So many thoughts were going on in my mind when I made Don't Talk 2 Me. It all just flowed during the creative process. I had no actual plan while I was thinking and writing. I felt like I was putting it out there with who I am, that I don't have to shake my ass just because I'm doing music, which is no shade to anyone at all, I'm just speaking my truth. The need for validation is real on social media. I learn to just be myself. And I was vaping at the time and was having serious throat issues but I figured out the problem.
Your project sounds almost like a testimony of sorts, can you provide insight on who/if the project is directed at anything/anyone in particular.
[It] isn't projected towards anyone but more of expressing and releasing all of the old things I've been through... putting it all on wax. It's definitely a testimony...because I'm addressing many parts in different songs about my life and how I felt and what I been through and how I've grown. I'm giving knowledge and game as well. I quit rap a long time ago due to my faith and trying to understand certain things. Now that I'm grown I have grown to understand who I am. I have [a] relationship with God. And I feel like it's ok for me to rap the way I do even though I curse because I'm telling stories and spittin a message.
What goals do you have for your rap career? Are you signed? Do you have a plan or are you just going with the flow?
I have plans to rise and be a dope, cool female rapper with a demeanor that inspires many men and women to simply be themselves. And no, I'm unsigned. [Right now] I'm going with the flow but my projects will be consistent. I love music so I'm doing this for the love of it. I don't have a manager [but] I wouldn't be opposed to having one if it gives me guidance. I was locked in with one but it just wasn't a good fit. [I want] somebody computer savvy and understands marketing and analytics. Knows how to research and keep up with the latest events to attend. I am enjoying being independent. It's a lot to learning and a lot of investing fasho.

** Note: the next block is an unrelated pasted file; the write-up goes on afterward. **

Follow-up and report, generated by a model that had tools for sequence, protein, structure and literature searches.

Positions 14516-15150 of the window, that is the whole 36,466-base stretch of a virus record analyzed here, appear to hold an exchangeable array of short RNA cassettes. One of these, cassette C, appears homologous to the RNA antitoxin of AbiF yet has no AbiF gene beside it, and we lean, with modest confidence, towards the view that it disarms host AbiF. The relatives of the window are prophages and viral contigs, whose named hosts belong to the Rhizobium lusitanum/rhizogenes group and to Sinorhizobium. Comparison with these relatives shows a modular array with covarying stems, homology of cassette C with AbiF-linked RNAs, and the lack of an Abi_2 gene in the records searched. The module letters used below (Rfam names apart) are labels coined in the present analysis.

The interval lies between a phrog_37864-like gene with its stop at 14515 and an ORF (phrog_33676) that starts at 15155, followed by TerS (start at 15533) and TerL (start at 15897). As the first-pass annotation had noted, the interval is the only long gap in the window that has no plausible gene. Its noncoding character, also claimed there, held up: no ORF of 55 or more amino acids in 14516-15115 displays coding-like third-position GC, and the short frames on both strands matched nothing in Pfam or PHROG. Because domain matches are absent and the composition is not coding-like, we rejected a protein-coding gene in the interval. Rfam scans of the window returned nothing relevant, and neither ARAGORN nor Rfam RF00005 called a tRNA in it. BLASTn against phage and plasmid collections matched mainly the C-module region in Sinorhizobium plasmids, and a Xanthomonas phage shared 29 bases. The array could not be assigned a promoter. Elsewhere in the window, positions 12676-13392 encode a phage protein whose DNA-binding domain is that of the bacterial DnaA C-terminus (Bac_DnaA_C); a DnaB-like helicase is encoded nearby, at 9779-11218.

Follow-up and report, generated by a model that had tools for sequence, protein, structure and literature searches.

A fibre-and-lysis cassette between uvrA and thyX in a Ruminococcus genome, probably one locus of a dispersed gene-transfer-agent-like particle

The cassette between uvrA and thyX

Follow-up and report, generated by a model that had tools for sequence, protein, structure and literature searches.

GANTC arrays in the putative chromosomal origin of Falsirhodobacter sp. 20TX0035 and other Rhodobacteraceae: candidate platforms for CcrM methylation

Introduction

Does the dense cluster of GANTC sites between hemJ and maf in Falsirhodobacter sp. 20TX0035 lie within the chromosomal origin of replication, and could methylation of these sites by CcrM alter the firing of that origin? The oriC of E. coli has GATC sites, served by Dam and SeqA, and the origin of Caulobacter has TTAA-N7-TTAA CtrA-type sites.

Where do you get your advice from? What is the best advice you’ve received?
From my parents, friends, other artist and people in music. Do me, follow my gut.
We all have those moments where we want to give up. Have you had them? If so, how many times have you quit and more importantly, what happened to make you start again?
I have quit rap once in my life. I was 19 at the time and I quit rap and started going to church heavily. I was trying to find myself. I was learning a lot about the music industry. I didn't start back until now because I'm ready and have more knowledge about the industry and who I am. People were so mad when I quit but I'm not quitting anymore. The time is now.
Last thing, we often spend our present time focusing on our future and what we have yet to do opposed to reflecting on our past and acknowledging how far we have come. So picture yourself in 5 years (2025), you see this interview on Throwback Thursday and it’s you from  saying what to yourself?
To my future self I would say you didn't give up, you followed your dreams and look where you are now, accomplishing goals. Keep fulfilling your dreams and help others.
Check out Ashley's latest visual for "Mind Trix".